Also see: Our 2016 review of Volkl VTA88.
In truth, I’m uncomfortable starting a multi-day trip on skis I’ve never skied — doing so is like hauling untasted mystery food to high camp on Denali. Sometimes you can get the second best surprise of your life, otherwise… What caused me to renege on such personal life rules is I realized while we were embarking on a big ski tour, we’d be hitting mostly mellow terrain, lots of low angle, time off for photography stops…and it would probably be wise for me to ski on gear from the folks who are helping me out with the trip. Fair enough. I don’t think I’ve ever skied on a pair of Volkl planks that were less than excellent, so full speed ahead.
Due to weather and snow cover, our trip in the Jotunheimen morphed into something different than the hippy pow-fest Stian had sold me on (he and the pro skier photo models ended up doing all sorts of terrain). But my personal version of the trip was still fairly mellow what with being able to pick my way down a few easier lines, as well as feeling no pressure to ski for the camera (which is pretty much impossible for me anyway on a pair of short, thin touring boards.)
In any case, the Volkl VTA88 is being promoted as another “one kilo class” light touring ski. My testers were a 170 cm, decorated with Marker’s take-the-world-by-storm freeride tech binding: Kingpin. To date I’ve used this rig for the Jotunheimen trip as well as four other days, several being big tours that truly worked the gear.
Let’s begin with the Kingpin. Other than being a bit heavy for the style of skiing I normally practice, they performed flawlessly. I never had a brake accidentally deploy in touring mode (something I’ve heard of but never experienced), no accidental releases at low release settings, toe pins did not loosen. Once or twice I wanted a way to switch to touring mode without removing a ski (which perhaps can be done with a few awkward moves, but not for me.) So, enough about Kingpin. They work. On to the skis.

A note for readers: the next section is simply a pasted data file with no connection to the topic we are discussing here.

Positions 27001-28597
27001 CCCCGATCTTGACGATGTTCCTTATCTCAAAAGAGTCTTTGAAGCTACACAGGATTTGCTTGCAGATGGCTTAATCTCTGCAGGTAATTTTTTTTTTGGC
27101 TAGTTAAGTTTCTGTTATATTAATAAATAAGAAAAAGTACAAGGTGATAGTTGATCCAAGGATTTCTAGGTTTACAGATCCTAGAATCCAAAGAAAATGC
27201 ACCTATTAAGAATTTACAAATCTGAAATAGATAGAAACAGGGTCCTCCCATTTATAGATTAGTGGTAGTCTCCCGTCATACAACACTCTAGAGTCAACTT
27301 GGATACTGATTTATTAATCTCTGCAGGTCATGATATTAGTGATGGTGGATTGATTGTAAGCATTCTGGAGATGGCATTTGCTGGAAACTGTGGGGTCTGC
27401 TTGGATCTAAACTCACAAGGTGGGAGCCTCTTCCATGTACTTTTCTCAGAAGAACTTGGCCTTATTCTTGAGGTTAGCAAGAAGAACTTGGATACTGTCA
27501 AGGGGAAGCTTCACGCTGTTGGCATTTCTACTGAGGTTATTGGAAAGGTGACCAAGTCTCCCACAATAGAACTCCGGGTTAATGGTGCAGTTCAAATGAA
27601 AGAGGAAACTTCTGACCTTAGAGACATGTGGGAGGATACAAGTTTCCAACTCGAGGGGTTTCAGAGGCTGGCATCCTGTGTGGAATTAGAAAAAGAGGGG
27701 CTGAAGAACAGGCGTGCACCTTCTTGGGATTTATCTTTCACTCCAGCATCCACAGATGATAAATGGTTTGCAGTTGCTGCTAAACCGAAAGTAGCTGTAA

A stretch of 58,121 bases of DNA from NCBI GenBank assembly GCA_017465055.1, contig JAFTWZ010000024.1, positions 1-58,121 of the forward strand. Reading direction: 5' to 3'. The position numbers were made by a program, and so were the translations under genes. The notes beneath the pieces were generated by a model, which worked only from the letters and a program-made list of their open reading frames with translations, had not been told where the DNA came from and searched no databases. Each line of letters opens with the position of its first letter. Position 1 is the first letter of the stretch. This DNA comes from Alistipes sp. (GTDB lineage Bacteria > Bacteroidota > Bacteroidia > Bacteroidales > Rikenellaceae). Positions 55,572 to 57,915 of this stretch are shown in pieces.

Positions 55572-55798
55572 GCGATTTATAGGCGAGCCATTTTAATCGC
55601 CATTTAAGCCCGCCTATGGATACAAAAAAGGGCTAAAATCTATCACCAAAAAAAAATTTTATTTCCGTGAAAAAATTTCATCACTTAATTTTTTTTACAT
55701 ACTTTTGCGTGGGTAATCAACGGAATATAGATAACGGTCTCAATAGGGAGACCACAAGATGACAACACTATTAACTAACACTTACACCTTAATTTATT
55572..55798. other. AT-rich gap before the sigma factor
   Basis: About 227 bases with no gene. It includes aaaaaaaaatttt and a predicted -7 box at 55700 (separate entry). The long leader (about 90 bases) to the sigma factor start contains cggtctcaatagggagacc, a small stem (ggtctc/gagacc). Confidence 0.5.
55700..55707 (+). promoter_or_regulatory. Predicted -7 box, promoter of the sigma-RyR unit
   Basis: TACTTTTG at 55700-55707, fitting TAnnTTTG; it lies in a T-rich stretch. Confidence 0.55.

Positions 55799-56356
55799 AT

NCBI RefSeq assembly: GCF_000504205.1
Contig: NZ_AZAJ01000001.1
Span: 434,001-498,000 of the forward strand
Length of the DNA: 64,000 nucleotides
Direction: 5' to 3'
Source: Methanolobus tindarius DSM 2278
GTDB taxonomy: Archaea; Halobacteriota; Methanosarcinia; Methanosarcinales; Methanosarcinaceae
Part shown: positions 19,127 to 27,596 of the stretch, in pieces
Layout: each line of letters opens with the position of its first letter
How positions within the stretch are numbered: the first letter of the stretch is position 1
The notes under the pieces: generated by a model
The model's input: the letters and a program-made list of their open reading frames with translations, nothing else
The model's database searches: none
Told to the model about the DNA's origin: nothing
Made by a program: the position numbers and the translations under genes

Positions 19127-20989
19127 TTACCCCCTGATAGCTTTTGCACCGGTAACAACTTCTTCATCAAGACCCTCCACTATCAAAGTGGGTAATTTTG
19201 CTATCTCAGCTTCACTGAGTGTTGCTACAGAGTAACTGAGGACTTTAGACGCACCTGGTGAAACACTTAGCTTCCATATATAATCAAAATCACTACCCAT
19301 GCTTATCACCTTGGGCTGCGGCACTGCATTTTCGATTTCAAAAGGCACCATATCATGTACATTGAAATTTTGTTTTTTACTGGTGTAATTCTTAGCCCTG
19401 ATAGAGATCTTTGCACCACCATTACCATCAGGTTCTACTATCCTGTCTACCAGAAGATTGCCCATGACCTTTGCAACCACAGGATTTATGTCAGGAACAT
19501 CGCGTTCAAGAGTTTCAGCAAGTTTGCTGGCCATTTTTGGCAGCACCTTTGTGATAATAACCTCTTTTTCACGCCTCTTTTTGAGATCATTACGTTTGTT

The VTA88 LITE is exactly that, light. I have not verified exact weight of this particular pair, but no doubt the 170 cm length weighs near 1,000 grams each.
LITE is the carbon version branding. A non-carbon model is offered as well that weighs about 200 grams more. Also see our first coverage of these at Ski touring gear at ISPO 2015.
Dimensions of the 170 are 127-88-106 for what has become in my opinion the “euro” touring width. I’m not sure where I stand on that. I enjoy narrower planks when the snow is good, but find a wider ski is notably easier to handle in variable conditions or junk snow. Uphill on 88s with slick mohair skins and light bindings, however, is definitely fun and perhaps worth a bit more work on the down.
VTA is rockered at the tip but not at the tail. I found myself initiating my turns with assistance from the front rocker, but instead of a relaxed tilt and curve I found myself wanting to apply more power to the tails to finish the turn comfortably. I got used to this, but the feeling was definitely different (the stability of the Kingpin heel probably helped). This whole process was magnified in breakable crust, but not that big a deal in hero powder. Indeed, in soft consistent snow I loved the snappy energy and quickness of this carbon skinny stick, so no issues there.